Best Man's speech


A wedding is always an occasion for celebration. And even more so if you’re an important part of it or you have the honor of making up the wedding party. If you’re the Best Man you have the pleasure of dancing with the bridesmaids and it’s an added perk if they’re pretty and available! But for many who have the privilege of being the Best Man, with it comes the dubious honor of making a speech. And for some, that’s enough to put a dampener on the evening until it’s over and done with.

But making a speech doesn’t have to be looked on with dread. In fact, it’s the perfect occasion to make a tribute to your brother/cousin/best friend, depending on how you’re related to the groom. A few ideas on how to make a memorable speech…

1) Calm your nerves

Don’t be jittery and on edge. Before embarking on your speech, it’s probably a good idea to have a very small drink, just to get you into a less apprehensive frame of mind. Don’t put it down the hatch in one go or over-imbibe though, you don’t want to get in too happy a mood and start slurring out your speech.

2) Good introduction

Get everybody’s attention with an icebreaker. Something that will make everybody sit up and take notice - either a reference to the wild stag party or how the groom has paid you good money not to tell any of his dark secrets. The first few opening lines of a speech sets the tone for the rest of it and decides whether you will have your audience’s attention, as you continue. Round off the first part of the speech by introducing yourself for the benefit of those who may not be familiar with your connection to the groom.

3) Keep it brief

It’s generally a good idea to keep the speech as brief as possible. If you’re confident of capturing the audience’s attention you could make it slightly longer, but it’s preferable to keep it of a shorter duration. At a wedding, everybody is eager to get on with the merriment and revelry and there’s no bigger dampener than if you sense an impatient audience who’s eagerly waiting for you to end a long-winded speech.

4) Be spontaneous

The best speeches are ones that appear to come from the heart. Even if you’ve written it down and rehearsed it a million times in front of the mirror, the knack lies in making it look impromptu. Don’t make the mistake of reading it out because you think you’ll forget what you have to say in between. Be prepared to ad-lib if you think you’ll get stuck halfway. If you really want to have people’s attention, you’ll avoid resorting to clutching a piece of paper in your hand with your speech scribbled on it, and make eye contact every once in a while with different guests.

5) Use humor

A witty speech is entertaining enough for the guests not to wish you away in a hurry. You have to hold their attention by cracking a few well-timed jokes or witty anecdotes. Don’t get carried away though and try to make too many puns or resort to bawdy jokes. Unlike a casual party, a wedding is a more formal affair and has a mixed section of guests, all of whom might not appreciate your sense of humor, if it borders on the vulgar. If you do make a couple of digs at the groom in an attempt to be humorous, make them well-meaning ones and at all costs, avoid being offensive.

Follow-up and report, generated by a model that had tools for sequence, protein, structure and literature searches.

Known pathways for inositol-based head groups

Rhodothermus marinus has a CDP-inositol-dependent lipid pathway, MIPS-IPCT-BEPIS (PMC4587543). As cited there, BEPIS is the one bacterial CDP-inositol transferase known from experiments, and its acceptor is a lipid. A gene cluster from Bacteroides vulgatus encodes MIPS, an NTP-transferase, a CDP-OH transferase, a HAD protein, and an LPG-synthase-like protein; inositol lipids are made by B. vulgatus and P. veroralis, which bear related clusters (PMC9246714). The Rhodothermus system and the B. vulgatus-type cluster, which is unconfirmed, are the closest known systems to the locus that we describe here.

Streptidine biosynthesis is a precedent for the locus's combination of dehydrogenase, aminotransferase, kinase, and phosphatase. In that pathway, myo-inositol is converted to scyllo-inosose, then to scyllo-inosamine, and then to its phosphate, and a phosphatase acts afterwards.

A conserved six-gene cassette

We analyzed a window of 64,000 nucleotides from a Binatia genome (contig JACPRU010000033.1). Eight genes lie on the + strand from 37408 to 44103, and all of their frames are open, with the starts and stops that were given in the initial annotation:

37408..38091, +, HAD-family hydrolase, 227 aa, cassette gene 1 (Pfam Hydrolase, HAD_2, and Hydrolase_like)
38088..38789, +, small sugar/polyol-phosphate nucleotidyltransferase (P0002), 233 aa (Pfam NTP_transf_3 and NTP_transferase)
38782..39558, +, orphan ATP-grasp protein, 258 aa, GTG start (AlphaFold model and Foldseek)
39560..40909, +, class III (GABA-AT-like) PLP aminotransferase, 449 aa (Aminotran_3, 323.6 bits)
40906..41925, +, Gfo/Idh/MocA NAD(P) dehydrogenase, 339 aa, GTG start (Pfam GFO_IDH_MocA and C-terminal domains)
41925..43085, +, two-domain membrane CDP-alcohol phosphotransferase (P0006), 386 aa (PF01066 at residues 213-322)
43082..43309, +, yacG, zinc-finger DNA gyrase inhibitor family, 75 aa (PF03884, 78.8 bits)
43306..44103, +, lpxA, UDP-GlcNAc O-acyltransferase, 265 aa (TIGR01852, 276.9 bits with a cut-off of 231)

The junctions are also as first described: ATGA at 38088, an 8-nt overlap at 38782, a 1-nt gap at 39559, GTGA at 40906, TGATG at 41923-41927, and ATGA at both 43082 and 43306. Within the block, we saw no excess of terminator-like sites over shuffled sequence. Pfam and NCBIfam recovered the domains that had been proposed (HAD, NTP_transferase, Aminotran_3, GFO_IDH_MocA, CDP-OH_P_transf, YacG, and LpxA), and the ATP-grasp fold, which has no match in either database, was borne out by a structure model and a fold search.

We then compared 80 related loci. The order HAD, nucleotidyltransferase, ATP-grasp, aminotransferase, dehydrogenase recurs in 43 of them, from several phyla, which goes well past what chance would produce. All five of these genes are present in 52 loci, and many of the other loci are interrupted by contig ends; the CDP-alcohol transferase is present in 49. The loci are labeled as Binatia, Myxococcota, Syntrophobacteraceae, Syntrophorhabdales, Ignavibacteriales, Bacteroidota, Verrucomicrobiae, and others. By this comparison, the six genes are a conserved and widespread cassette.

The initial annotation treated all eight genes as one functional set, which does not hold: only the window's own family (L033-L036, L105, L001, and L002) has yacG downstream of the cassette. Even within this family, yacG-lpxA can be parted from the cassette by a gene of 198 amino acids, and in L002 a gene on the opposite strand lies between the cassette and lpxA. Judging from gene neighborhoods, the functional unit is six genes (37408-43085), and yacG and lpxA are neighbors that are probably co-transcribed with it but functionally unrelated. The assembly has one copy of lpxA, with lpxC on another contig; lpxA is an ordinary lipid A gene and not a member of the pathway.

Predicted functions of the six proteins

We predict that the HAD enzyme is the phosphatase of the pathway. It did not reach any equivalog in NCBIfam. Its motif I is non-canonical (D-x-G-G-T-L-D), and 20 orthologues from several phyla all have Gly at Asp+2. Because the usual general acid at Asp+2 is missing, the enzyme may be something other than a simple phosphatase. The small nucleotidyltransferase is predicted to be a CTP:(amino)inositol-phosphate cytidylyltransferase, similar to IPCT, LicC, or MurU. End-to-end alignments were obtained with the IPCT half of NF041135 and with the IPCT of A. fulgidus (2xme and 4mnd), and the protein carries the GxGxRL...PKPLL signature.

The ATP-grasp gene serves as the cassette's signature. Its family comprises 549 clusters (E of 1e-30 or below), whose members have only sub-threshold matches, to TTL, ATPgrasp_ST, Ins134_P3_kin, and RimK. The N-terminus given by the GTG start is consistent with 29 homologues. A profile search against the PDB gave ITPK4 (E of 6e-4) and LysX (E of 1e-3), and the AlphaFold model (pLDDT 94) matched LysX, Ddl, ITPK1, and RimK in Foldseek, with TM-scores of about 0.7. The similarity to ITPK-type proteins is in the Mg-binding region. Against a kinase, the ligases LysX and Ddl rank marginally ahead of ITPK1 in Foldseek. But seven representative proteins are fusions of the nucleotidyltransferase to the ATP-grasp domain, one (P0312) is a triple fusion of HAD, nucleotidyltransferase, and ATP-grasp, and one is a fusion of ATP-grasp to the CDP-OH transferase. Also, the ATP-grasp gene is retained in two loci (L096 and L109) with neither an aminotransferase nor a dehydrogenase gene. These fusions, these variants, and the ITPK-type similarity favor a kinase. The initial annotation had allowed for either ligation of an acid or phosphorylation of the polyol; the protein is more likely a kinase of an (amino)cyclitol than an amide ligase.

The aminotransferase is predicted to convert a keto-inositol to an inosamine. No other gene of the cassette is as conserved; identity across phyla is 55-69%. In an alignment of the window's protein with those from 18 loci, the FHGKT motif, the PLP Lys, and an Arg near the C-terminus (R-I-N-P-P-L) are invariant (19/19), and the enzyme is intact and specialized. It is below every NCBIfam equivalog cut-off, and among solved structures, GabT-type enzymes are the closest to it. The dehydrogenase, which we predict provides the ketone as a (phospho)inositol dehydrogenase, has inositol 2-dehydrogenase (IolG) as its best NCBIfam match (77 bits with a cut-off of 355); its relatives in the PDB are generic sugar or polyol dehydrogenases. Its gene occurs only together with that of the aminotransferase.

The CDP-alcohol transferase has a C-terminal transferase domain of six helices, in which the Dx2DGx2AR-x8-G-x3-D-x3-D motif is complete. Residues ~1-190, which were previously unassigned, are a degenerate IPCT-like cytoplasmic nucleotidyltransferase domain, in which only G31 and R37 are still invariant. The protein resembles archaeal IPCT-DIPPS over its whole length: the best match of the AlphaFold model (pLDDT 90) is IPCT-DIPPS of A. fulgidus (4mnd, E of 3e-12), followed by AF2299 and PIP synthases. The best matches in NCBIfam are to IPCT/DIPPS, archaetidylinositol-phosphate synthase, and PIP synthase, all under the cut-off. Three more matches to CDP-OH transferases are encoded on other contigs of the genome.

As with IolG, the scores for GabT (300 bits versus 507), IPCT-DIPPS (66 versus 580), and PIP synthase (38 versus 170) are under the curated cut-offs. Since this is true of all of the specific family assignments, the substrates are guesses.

6) Make it interesting

For a speech to hold an audience captive, you have to make it different from the other run-of-the-mill speeches that everybody hears at weddings. And what will distinguish your speech and make it stand out from the rest, are some first-hand accounts. So intersperse your speech with a couple of juicy stories that you know about the bride and groom.

If most people know how they met, you could tell them something different, like your first impression from the sidelines if you were party to it, or confidences that you were privy to that are especially funny, sweet, or endearingly personal. Avoid anything that will embarrass the couple, after all this is a toast to them. Alternatively, or additionally, if you are the groom’s best friend, you could provide an insight into your friendship with him and how it dates back to soccer practice and competing for the same girl.

7) Tribute

In the latter part of your speech, you could comment on a couple of qualities you admire in the bride and the groom and how you think they complement each other and will add value to their marriage.

8) Advice

If, as a best man, you are or are not married, you can always offer your take on marriage and some good old-fashioned advice. Avoid clichéd lines about ‘Always letting her have the last word’ and try and make it something intensely personal that you’ve gauged from experience or through watching other people’s marriages. It could be light advice with a healthy dose of humor or something poignant and touching.

9) A toast

Ultimately, round off your speech by raising a toast to the happy couple and wishing them all that you would like to convey for a successful marriage and a happy life.